Warning: Oil - The Hidden Ingredient Adding Inches To Your Waist - And What To Do About It
Author - Stephen Griffith C.S.C.S.
I pride myself on being able to help people achieve their goals.
Yet there I was, the expert, stumped on how to continue.
For the 3rd week in a row Marie’s weight and waist circumference refused to budge and I had no idea why.
Her photo food log looked great. The portion sizes weren't to big and included plenty of vegetables.
She also had adamantly assured me that there was no food missing from her log. I believed her too - an accountant by trade this woman doesn’t miss a detail - she once weighed each of the dumbbells in the gym to see if they were exactly the weight they said they were.
In the previous week we had already reduced her portion size and added more vegetables.
Her workouts were already improving and we didn’t need to add more.
I didn’t know what change to implement next.
What I didn’t know at the moment was that the culprit was hiding right in the photos she was diligently sending me. I just couldn’t see it.
Take a look at the meal below - Can you spot the fat gaining culprit?
Good looking meal eh? but can you see the hidden ingredient?
How about now? it’s a bit easier
Need a hit? Look at that sheen on the vegetables.
Aha, the answer is fat - namely in the form of oil.
To much fat could also be the reason why despite your healthy eating the scale isn’t changing.
While fat is an essential nutrient and part of the diet, eating too much of has been linked to heart disease and cancer.
Oil is especially problematic because it is highly processed. In the creation of oil most of the nutrients are loss and only the calories remain.
Gram for gram there is more than twice as many calories in fat than carbs or protein.
Carbs -4 calories per gram
Protein- 4 calories per gram
Fat - 9 calories per gram
What does that mean?
It means that it is very easy to over do fats. Especially if served as oil.
Just one tablespoon of olive oil has almost 120 calories.
Now when you oil your pan to cook, how many spoonfuls do you use?
If you did as I did then you just take the bottle and pour till you have enough to coat the pan.
When you then cook, that oil ends up as a part of your finished dish.
All that oil adds up.
1 cup of broccoli is about 30 calories.
If you saute it in a pan you may add 2 tablespoons of olive oil which is about 240 calories.
As you cook, that oil gets cooked into the broccoli.
Assuming that there's some oil left in your pan, your broccoli may now be about 150 calories.
That’s 5 times what the calories of that broccoli raw.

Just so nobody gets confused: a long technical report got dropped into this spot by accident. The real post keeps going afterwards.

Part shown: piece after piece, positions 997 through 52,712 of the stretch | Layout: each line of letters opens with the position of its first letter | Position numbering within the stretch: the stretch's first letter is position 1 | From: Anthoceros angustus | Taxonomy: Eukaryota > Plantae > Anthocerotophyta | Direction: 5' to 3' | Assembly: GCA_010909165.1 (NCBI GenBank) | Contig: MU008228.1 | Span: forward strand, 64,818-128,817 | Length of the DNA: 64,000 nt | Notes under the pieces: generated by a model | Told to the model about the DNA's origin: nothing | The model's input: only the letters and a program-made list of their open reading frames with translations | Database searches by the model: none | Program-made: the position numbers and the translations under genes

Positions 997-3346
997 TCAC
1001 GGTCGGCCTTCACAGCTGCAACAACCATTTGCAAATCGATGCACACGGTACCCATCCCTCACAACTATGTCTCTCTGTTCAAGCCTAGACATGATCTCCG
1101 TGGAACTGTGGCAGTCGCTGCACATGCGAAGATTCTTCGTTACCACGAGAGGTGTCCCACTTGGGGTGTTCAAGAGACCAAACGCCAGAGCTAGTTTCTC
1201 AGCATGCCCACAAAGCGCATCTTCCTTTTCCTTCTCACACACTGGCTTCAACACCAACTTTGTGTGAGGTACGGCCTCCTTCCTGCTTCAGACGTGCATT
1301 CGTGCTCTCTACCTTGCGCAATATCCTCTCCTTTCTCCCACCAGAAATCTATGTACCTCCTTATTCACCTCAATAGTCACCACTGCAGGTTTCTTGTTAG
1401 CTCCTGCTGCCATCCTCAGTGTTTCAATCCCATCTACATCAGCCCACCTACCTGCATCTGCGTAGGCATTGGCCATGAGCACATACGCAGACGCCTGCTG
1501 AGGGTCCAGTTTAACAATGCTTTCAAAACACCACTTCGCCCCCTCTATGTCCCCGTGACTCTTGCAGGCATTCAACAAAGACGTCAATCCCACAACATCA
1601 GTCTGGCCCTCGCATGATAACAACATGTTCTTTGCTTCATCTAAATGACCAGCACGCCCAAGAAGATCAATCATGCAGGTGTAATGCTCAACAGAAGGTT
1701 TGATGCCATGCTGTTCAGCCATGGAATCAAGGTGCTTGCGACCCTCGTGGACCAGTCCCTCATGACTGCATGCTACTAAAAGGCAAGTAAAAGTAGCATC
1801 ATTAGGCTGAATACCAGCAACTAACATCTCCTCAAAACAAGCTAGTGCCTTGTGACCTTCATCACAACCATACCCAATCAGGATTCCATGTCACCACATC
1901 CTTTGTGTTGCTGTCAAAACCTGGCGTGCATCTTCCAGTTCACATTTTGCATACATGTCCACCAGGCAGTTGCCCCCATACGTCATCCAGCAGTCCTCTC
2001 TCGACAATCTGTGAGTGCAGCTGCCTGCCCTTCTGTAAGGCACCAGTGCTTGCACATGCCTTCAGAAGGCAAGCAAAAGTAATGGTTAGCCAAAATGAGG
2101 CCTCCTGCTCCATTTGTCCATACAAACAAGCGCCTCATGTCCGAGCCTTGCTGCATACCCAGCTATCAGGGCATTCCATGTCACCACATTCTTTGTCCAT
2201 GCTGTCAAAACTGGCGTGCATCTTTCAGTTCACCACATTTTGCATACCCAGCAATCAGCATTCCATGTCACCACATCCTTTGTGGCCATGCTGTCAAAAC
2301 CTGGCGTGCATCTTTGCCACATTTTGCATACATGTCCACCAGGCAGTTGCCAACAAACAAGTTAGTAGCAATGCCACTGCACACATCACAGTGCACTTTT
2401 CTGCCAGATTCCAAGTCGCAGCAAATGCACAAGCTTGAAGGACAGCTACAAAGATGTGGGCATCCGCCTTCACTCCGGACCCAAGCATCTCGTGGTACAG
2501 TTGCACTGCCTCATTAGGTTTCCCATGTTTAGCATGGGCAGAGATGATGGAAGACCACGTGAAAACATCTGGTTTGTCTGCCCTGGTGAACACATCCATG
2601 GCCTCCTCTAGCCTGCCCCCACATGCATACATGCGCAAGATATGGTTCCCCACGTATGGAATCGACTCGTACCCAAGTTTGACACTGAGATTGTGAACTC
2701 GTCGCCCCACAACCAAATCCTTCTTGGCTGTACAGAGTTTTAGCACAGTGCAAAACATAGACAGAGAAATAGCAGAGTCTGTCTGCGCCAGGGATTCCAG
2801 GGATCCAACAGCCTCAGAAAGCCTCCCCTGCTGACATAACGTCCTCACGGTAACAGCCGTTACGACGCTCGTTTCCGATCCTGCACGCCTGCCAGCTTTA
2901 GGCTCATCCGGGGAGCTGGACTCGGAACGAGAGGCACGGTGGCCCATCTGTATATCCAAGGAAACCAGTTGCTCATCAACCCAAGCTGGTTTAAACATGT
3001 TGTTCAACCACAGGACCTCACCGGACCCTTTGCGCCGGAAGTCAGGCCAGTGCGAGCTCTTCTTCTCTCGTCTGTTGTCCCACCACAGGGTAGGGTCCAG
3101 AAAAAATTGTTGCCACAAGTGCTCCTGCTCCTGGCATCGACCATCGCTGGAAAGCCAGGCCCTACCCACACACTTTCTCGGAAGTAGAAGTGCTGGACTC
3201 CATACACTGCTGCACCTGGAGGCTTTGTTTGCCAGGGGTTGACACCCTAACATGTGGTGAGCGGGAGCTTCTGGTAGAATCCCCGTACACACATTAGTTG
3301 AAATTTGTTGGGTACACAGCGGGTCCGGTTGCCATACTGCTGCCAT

Overtime these calories add up. Every time you cook your veggies, your meat, or cover your salad in oil you are adding a significant amount of calories to your meal.
Just one tablespoon a meal could mean over 2100 calories a week. That is more than half a pound of fat.
Side note - What about healthy oils such as olive oil, coconut oil, avocado oil ect…aren't they good for you?
Typically speaking, what makes one food healthier than another is it’s nutritional density.
Nutritional density refers to the ratio of nutrients to calories in a food. Vegetables are considered healthy because they have a ton of nutrients while containing only a few calories. By contrast cakes tend to be unhealthy because they have few nutrients while containing a lot of calories.
By this measure, oils don’t do very well. During processing, oils lose a lot of its nutrients. Olives are objectively better for you than olive oil. When we say olive oil is good, we really mean by comparison to certain processed vegetable oils it is.
However no oil in excess is healthy. Stick to real olives.
In moderation a little oil is fine, however you should be aware of how many calories you may be inadvertently adding to your diet by coating that pan in oil.
Food is something that should be enjoyed and I won’t deny that oils are great for flavor. However, it is possible to cook great food without oil.
For the remainder of this articles I’d like to go over a few ways on how you can reduce the amount of oil in your diet so you may continue to see progress.
Dropping excess fats from your cooking starts before you begin cooking.
Choose cuts of lean meat or trim the fat off before you begin cooking.
After the cooking process spoon excess fat off of the food or if you cool the food you can spoon the fat off once it solidifies.